Subtitle: Inspired, Intoxicated by the Spirit
Pentecost. From the Greek, meaning “fiftieth.” Originally and still a Jewish harvest festival fifty days after Passover. In Christian tradition, the fiftieth day following Easter, commemorating the coming of Holy Spirit upon the first disciples.
On the night before Jesus died, he told his disciples of the coming of “the Advocate…the Spirit of truth…(who) will guide you into all truth.”
They, following Jesus’ instruction, remained in Jerusalem to await the fulfillment of his promise to send power from on high to proclaim his gospel. And, on the Day of Pentecost, they felt the “rush of a violent wind,” saw “divided tongues, as of fire…resting on each of them,” and heard, from their own Galilean, Aramaic-speaking mouths, the proclamation in many languages of God’s word. Those who listened, a cosmopolitan assembly of races and nations, all pilgrims gathered in Jerusalem for the Pentecost celebration, were “amazed and astonished.” For all understood, hearing the word of God in their “native languages.”
The cynics in the crowd dismissed the disciples’ utterances as drunken gibberish. Peter, in defense, declared that this was not ordinary intoxication, but extraordinary inspiration; the disciples proclaiming the fulfillment of an ancient prophecy of God’s Spirit poured out on all. Not, as in olden days, only on the chosen few, whether Moses or the elders of Israel, prophets or kings, but on sons and daughters, young and old, men and women, free and slaves. All will see visions. All will dream dreams. All, able to prophesy, will say, “Thus saith the Lord.”
All signifies the meaning of Pentecost. God pours out the Spirit, God’s nature, God’s Self, upon all. Overriding all barriers that we erect against one another. Ignoring all boundaries that discriminate and divide. For this is how God, who created all of us, sees all of us, and wants, wills all of us to see one another. Thus, to see this life in this world differently. From a life where we cling to our barriers, some inherited from generations past and our boundaries, whether we draw them ourselves or in our silence allow them to be drawn, between those who are included and excluded to a life where we, inspired, intoxicated by the Spirit, build not walls upward to divide, but rather bridges outward to connect with all of our sisters and brothers of our human family.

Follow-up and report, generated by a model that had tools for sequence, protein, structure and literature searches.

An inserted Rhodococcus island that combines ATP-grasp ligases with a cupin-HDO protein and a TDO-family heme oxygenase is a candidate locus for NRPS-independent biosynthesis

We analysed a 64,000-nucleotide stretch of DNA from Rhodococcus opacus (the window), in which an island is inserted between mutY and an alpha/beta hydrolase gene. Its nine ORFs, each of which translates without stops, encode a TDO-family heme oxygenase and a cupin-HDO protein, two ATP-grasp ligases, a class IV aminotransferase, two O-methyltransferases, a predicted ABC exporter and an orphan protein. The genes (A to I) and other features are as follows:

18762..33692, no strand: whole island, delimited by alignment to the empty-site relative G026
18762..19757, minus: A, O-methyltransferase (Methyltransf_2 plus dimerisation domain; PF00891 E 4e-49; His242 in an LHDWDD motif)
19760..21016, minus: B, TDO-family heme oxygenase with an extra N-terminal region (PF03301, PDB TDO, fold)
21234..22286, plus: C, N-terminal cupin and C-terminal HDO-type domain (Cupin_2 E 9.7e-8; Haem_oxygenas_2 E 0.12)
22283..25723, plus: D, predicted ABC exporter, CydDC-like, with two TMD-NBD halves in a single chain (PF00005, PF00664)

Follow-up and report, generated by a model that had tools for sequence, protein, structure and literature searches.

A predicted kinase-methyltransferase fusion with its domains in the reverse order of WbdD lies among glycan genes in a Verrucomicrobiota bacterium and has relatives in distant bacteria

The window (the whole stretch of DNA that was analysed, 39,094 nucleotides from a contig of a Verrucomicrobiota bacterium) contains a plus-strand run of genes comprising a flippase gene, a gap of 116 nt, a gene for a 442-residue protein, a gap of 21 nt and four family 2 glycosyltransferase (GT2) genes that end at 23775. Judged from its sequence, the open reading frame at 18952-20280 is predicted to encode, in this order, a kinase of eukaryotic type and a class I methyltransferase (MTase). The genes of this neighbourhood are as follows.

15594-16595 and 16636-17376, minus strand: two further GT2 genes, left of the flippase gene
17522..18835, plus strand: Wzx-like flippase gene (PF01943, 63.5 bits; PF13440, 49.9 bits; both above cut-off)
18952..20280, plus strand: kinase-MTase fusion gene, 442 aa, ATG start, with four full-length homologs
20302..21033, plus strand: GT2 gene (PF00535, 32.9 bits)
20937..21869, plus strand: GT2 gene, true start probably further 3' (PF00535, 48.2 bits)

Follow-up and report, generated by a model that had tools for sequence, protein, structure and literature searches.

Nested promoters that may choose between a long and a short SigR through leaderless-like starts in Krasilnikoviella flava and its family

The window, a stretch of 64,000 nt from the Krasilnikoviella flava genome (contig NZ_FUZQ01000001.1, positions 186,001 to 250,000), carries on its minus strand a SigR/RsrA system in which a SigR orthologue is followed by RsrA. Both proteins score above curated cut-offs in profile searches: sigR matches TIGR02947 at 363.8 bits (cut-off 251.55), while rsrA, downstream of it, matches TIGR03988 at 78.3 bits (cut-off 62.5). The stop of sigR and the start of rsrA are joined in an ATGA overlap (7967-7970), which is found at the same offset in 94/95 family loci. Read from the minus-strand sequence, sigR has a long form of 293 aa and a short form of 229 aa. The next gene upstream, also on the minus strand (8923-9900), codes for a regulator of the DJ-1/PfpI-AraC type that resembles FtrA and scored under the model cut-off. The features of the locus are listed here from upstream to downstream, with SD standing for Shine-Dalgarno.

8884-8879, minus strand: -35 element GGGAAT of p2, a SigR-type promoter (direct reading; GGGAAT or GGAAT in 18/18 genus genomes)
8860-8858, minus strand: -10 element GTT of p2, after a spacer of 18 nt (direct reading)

With this understanding of Pentecost, I share a bit of personal testimony. Around this time, sixteen years ago, I had a vision that became incarnate in a six month-long, globe-trotting sabbatical. Purposefully, I, an African American, liberal Christian, went out into the world from Washington, DC, to New York to London to Johannesburg and into KwaZulu-Natal, and then throughout Europe, to engage “the other”, those unlike me – conservative Christians and Muslims, agnostics and atheists. Through that experience, I was inspired, intoxicated by the Spirit; no longer able to focus only, even largely on our differences, but rather to behold more clearly the commonality of our humanity.
This doesn’t mean I don’t have opinions or beliefs about how things are and should be. It does mean that I am slow to judge others and I refuse to condemn others. For only God knows what is in the heart and soul of another person, who truly, as I, is equally God’s creation. And it does mean that ever since, inspired, intoxicated by the Spirit, I consciously have offered myself to God to be used (sometimes uncomfortably stretched) to share with my lips and my life the gospel of God’s love in Christ for all.
I close with the words of Nikos Kazantzakis in his semi-autobiographical work, Report to Greco; for me, one of the most beautifully descriptive spiritual journeys in literature:
There are three kinds of souls, three kinds of prayers.
One, I am a bow in your hands, Lord. Draw me, lest I rot.
Two, I am a bow in your hands, Lord. Do not overdraw me, lest I break.
Three, I am a bow in your hands, Lord. Overdraw me, I care not that I break. I only care that I am drawn by your hands alone.
For most of my life, I prayed the first two prayers. For the past sixteen years and counting, I have prayed and do and will pray the third.
© 2021 PRA
 Acts 1.4-5, 8
 The Lord said: “See I will pour out my spirit on all flesh; your sons and your daughters shall prophesy, your old men shall dream dreams, and your young men shall see visions. Even on the male and female slaves, in those days, I will pour out my spirit” (Joel 2.28-29).
 See Numbers 11.16-17
 For example, see 2 Kings 2.9, 15 and Isaiah 61.1f, concerning Elijah and Elisha and Isaiah, respectively.
 For example, see 1 Samuel 10. 1 (Saul) and 1 Samuel 16.10-13 (David)
 Report to Greco (Touchstone Books, Simon and Schuster, 1965), page 16 (my paraphrase of Kazantzakis’ words).